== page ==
INJUVE publishes health guides on matters relevant to young people, including information on anorexia and bulimia and mental health.
Spain has similar youth alcohol issues to many other European countries including France and the UK. Government quoted figures claim that 65 percent of 14 to 18 year olds in Spain drink regularly.
The minimum drinking age is 18, but 16 year olds may buy beer and wine if accompanied by their parents. Drinking in public areas is illegal and the police may fine those who break this law. The Government is currently proposing changes to legislation relating to the legal age for buying alcohol.
Alcoholics Anonymous (Alcoholicos Anonimos) is active in Spain and there is an English-language version of its website. There are also English language meetings in many areas.
Figures from ESPAD (European School Survey Project on Alcohol and Other Drugs) survey released in 2009 show that although drug use is wide spread among young people in Spain, the numbers of young people smoking and taking illicit drugs has fallen.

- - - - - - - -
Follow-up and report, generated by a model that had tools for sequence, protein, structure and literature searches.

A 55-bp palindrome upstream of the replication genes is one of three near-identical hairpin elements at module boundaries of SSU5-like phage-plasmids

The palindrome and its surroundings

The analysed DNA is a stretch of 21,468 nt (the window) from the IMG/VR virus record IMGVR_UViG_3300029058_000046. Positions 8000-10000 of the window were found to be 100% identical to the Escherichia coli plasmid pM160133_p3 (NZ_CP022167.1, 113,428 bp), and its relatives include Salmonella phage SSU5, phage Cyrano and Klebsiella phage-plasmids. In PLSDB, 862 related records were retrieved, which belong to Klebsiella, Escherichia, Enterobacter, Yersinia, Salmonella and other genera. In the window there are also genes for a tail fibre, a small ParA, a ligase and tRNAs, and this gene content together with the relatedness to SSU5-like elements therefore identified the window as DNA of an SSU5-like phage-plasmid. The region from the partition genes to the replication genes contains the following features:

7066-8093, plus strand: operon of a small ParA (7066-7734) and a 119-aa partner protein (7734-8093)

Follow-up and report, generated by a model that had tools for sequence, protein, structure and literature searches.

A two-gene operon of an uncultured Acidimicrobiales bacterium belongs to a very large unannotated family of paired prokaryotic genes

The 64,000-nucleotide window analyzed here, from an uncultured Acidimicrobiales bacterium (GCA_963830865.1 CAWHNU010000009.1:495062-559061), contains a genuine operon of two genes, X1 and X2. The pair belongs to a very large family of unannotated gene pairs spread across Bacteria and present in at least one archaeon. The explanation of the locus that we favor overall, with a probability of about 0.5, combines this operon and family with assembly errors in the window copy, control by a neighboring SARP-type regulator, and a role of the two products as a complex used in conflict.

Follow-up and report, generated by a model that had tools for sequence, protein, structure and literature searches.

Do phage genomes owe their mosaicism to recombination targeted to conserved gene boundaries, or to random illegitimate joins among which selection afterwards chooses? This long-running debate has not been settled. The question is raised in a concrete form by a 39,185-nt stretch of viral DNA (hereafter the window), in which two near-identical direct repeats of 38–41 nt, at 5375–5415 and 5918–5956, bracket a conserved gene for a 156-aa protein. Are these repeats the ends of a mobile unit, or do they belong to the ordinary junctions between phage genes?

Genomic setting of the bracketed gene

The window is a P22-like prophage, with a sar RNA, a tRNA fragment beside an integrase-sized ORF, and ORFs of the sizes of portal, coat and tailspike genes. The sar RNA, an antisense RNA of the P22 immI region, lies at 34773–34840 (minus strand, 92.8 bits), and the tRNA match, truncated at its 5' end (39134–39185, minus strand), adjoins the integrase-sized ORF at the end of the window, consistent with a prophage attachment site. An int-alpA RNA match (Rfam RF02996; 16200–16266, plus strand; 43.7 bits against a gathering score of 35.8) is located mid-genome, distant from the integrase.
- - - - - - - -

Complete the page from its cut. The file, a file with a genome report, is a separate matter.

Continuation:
Drug use and possession for personal use of some drugs does not constitute a criminal offence under Spanish law. However, public consumption is penalised with fines. One clear difference is Spain's marijuana policy - it encourages marijuana smokers to grow their own product. Personal consumption and home cultivation have been decriminalised, but buying or selling marijuana/hashish remains a criminal offence.
EU Policy, "Action Plan on Drugs 2009-2012" aims to reduce the demand and supply of drugs within Europe.
Spain has traditionally had low rates of teenage pregnancy compared to other European countries. The family planning association, FPFE (Federacion de Planificcacion Familiar de Espana) has a website section aimed at young people with information on regional centres.
Contraception is rarely free in Spain. The morning after pill (la pildora del dia despues) is widely used and is sold on prescription at pharmacies. Clinical abortion is legal and in some instances a proportion of the cost is covered by social security.
In Spain, the age at which tobacco can legally be bought and smoked is 18.
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